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Home » Research Projects » The Police under Public Scrutiny-Experiences, Perceptions and Reactions to a Public Service Institution 1982-2003

Doing better and feeling worse?

How have public perceptions of police fairness and effectiveness changed over the last 20 years?

The British Crime Survey is an extraordinary and under-used resource. It records the opinions and victimisation risks of a representative sample population in England and Wales (including details about crimes respondents might have experienced the previous year) over several decades. Among the findings of the survey are that many respondents believe national crime rates to be rising, while the reported incidence of experience of crime fell from 40% to 23% between 1995 and 2005, and people have divergent beliefs about rates of change in crime at local and national level. What is the relationship between public perceptions and experiences of crime, and police structures and operation?

Over the last three decades, the police forces of England and Wales have been subject to many reforms. These have been focused internally on the recruitment of more officers, improving racial and cultural awareness through training, streamlining management structures and granting greater budgetary responsibility; and also externally on enhancing liaison with local authorities and communities, as well as more tightly regulating controversial policies such as ‘stop and search’. The question to be explored in this study is what, if any relationship there is between such reforms, designed to increase efficiency and efficacy and improve public perception of the police service, and public perceptions of crime levels and personal safety.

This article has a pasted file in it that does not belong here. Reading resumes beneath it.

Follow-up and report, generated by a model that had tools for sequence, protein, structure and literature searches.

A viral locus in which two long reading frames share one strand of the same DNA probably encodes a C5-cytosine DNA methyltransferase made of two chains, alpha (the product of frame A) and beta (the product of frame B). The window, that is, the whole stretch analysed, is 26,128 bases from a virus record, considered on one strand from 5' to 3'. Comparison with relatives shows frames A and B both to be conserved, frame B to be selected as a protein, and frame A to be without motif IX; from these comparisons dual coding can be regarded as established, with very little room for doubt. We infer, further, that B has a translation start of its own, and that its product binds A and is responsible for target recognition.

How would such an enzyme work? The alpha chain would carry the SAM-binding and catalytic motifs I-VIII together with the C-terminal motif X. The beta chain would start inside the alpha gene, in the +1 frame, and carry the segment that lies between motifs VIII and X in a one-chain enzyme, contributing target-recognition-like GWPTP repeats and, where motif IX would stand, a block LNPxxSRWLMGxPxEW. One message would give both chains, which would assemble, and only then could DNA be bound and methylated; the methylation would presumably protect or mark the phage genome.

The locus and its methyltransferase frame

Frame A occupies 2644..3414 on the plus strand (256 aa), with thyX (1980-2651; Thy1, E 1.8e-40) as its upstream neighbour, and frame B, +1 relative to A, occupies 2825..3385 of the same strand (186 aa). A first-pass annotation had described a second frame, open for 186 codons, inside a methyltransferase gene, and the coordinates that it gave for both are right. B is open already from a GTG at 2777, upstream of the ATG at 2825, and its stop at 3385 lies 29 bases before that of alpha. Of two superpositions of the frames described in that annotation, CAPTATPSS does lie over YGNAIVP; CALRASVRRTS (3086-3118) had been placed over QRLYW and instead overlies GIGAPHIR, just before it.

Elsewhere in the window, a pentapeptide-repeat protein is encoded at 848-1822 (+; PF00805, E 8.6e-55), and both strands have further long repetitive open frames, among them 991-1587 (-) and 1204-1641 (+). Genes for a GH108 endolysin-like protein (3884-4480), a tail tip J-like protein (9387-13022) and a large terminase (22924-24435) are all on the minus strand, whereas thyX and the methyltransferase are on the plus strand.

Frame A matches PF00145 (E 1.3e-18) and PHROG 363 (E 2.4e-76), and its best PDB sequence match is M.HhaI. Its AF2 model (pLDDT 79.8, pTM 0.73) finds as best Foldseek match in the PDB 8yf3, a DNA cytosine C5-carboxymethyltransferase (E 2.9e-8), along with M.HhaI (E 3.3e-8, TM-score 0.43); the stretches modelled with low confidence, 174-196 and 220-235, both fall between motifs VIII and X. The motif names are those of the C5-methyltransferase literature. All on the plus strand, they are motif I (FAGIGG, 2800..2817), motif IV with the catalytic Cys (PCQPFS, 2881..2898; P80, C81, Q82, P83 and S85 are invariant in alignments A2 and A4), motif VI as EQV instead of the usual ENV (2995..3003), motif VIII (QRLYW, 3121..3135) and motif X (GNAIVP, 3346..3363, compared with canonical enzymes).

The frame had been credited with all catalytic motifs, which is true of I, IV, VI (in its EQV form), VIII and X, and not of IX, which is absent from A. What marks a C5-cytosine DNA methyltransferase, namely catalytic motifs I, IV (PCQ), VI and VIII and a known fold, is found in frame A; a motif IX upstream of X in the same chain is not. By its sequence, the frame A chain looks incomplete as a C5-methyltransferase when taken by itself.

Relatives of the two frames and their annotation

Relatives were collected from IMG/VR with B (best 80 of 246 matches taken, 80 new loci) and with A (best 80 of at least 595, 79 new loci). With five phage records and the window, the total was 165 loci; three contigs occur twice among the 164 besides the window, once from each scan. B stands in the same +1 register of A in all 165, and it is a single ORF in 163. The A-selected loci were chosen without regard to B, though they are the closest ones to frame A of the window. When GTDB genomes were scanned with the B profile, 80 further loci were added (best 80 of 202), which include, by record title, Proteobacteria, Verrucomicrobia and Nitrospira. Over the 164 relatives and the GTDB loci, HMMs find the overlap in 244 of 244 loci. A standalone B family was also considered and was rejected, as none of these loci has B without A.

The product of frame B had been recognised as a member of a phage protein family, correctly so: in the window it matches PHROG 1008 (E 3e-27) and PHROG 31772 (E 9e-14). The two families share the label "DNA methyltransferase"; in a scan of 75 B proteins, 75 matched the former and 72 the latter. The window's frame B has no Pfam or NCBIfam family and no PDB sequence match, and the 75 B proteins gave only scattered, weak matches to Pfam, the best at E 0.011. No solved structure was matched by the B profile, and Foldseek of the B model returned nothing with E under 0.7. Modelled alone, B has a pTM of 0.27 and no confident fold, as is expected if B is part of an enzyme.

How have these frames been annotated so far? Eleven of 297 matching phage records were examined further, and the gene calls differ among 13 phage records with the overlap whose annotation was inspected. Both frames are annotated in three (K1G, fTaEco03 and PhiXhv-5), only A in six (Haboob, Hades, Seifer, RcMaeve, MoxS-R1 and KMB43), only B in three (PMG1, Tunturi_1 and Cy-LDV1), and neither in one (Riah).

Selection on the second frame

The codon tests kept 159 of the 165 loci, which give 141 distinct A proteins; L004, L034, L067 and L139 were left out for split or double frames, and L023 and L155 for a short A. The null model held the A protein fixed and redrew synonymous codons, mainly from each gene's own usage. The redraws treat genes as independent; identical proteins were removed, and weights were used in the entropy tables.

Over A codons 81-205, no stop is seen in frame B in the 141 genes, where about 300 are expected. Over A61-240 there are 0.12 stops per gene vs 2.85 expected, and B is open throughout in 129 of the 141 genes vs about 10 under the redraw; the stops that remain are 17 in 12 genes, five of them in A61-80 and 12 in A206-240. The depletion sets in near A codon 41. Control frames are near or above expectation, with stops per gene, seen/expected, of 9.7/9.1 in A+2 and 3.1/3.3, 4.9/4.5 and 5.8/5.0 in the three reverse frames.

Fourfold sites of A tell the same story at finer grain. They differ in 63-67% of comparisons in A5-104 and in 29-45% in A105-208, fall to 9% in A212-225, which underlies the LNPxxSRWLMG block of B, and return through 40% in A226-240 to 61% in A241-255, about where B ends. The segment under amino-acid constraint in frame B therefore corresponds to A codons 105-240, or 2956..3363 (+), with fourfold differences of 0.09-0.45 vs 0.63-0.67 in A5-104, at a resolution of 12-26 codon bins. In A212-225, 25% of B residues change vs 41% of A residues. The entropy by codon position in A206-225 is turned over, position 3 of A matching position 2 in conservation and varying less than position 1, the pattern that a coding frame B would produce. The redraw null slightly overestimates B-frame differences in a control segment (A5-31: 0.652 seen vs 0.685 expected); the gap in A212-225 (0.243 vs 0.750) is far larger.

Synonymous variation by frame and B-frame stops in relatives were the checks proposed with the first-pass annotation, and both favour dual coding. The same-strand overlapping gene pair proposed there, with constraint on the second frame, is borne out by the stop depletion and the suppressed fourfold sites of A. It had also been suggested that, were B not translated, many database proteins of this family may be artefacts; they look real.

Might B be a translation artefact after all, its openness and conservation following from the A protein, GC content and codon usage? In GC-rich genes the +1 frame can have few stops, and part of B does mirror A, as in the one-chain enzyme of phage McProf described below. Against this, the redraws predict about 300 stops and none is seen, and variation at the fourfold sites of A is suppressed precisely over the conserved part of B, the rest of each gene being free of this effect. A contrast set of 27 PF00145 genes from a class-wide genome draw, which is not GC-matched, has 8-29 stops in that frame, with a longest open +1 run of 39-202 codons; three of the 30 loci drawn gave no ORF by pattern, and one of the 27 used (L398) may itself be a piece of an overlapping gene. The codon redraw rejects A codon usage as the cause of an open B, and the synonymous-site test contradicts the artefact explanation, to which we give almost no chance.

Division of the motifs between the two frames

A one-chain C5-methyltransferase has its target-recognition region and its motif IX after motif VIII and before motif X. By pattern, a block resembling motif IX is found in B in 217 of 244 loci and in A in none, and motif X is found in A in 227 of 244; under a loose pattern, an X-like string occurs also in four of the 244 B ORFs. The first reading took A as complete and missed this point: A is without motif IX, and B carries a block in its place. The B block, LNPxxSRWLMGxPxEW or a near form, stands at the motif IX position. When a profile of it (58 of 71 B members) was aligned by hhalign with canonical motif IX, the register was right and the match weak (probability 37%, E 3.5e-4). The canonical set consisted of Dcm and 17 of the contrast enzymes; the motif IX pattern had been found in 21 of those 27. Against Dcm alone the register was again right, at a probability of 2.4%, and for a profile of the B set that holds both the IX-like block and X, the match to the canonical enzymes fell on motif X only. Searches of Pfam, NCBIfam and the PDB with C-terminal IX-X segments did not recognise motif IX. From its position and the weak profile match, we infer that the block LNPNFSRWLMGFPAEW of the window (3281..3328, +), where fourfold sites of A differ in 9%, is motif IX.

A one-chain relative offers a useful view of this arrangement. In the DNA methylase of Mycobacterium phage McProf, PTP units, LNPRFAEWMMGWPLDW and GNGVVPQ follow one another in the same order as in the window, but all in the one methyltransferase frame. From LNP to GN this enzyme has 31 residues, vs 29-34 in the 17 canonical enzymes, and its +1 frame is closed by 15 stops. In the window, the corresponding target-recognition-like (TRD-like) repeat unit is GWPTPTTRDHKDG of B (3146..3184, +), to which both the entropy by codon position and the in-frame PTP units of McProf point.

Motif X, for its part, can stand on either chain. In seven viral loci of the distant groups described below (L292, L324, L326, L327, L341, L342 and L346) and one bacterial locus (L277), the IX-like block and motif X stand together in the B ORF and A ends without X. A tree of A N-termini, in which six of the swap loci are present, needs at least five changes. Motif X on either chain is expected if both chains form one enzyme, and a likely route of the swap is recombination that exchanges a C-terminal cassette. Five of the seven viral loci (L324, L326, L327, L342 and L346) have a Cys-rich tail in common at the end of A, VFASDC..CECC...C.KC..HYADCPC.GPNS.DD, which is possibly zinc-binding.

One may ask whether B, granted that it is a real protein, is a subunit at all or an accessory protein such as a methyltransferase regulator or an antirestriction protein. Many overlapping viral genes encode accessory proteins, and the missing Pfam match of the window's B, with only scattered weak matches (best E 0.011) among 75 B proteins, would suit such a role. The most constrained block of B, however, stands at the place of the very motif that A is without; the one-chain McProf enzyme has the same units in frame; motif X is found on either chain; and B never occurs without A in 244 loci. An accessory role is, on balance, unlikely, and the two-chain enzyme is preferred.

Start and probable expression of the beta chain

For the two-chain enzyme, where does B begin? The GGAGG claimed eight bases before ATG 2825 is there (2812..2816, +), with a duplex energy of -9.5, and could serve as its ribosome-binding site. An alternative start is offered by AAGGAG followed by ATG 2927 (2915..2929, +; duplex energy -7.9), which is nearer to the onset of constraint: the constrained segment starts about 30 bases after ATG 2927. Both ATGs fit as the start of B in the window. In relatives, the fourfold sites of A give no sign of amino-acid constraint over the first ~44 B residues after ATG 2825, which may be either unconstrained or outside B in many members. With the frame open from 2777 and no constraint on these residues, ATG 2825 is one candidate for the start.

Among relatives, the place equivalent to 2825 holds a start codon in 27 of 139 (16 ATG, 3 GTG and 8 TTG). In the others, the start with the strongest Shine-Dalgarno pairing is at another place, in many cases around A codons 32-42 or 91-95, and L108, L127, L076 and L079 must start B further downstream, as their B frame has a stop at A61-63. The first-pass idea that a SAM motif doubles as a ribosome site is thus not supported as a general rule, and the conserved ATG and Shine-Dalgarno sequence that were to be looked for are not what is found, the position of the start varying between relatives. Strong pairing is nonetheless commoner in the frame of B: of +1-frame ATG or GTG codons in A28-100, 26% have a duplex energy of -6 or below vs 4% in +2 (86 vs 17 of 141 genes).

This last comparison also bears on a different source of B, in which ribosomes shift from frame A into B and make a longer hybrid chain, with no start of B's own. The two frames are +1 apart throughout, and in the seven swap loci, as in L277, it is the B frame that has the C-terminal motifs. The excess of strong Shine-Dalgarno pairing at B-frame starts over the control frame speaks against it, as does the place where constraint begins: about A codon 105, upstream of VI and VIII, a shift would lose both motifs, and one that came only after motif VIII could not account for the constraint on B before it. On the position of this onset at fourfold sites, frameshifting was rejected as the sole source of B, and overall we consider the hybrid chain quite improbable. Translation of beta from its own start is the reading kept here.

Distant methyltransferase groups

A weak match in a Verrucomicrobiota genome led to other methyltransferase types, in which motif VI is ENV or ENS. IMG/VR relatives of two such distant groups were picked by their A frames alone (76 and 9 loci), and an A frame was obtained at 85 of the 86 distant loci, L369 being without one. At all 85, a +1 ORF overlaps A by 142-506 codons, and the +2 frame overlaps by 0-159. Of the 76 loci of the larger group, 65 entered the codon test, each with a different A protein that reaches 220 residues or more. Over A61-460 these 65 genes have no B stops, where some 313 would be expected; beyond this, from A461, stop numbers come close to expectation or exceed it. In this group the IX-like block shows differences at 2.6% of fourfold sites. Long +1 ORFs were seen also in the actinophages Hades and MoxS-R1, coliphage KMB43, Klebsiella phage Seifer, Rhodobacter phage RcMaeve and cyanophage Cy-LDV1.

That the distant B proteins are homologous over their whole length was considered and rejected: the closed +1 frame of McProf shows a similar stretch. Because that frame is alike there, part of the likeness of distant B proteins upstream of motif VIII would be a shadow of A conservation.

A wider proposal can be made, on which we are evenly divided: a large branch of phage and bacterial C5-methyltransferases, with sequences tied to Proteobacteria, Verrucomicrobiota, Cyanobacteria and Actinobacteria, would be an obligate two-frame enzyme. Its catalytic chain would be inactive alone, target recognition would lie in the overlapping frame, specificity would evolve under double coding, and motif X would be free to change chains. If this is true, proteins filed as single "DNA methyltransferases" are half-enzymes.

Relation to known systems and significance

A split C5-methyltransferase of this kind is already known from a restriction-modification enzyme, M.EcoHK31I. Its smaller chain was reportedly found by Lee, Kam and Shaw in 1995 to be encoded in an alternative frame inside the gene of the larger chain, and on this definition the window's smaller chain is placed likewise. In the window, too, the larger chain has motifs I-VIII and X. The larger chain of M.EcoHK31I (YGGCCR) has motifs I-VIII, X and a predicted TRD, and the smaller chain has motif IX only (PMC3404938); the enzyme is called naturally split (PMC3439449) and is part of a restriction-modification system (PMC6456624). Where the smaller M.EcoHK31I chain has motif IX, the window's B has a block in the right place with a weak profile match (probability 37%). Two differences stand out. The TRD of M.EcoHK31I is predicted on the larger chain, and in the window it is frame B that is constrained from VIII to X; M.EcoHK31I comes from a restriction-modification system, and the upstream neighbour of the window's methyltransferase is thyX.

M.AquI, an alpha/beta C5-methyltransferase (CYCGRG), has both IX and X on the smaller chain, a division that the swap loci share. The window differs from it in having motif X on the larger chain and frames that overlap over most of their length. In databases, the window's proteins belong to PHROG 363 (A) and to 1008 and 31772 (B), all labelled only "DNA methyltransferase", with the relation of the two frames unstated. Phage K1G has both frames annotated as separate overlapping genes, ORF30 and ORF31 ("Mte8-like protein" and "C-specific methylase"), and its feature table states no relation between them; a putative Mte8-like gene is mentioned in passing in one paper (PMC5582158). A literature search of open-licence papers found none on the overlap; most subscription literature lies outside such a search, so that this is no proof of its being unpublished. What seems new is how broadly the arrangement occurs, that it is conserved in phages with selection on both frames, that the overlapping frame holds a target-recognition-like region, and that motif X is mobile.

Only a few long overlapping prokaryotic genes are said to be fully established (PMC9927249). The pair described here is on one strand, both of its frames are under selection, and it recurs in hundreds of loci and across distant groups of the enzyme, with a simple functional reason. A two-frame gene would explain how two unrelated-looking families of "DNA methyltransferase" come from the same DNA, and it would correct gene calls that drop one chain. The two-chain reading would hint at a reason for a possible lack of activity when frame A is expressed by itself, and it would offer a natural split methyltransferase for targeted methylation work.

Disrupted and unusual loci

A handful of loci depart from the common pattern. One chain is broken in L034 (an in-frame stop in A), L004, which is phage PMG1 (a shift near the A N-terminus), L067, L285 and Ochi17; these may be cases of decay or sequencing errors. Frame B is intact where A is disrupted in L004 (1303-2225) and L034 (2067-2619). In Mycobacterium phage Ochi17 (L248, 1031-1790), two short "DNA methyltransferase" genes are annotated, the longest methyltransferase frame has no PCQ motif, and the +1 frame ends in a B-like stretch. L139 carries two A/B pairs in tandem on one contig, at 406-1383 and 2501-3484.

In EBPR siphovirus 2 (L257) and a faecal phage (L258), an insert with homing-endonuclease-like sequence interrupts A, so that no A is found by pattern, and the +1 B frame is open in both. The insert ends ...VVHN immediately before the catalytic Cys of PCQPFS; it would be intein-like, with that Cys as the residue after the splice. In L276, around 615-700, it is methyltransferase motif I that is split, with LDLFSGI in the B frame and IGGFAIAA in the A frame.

What the research means for policy-makers and the wider community

There will be two main beneficiaries from this study:

Research Methods

The study will involve:

Preliminary findings from this project have recently been featured on ESRC Society Today .

Project Poster

Project Poster 2009

Research Team

Andreas Cebulla

Andreas Cebulla

Andreas Cebulla is a Research Director of the National Centre for Social Research in London. He has wide research experience in assessing and analysing the experiences and expectations of different social groups.

Email: a.cebulla@natcen.ac.uk

Mike Stephens

Mike Stephens

Michael Stephens is Senior Lecturer in Criminology and Social Policy in the Department of Social Sciences at Loughborough University.

Email: m.r.stephens@lboro.ac.uk

Camilla Nevill

Camilla Nevill

Camilla Nevill is a researcher at the National Centre for Social Research. She is also currently working on the Offending, Crime and Justice Survey.

Email: c.nevill@natcen.ac.uk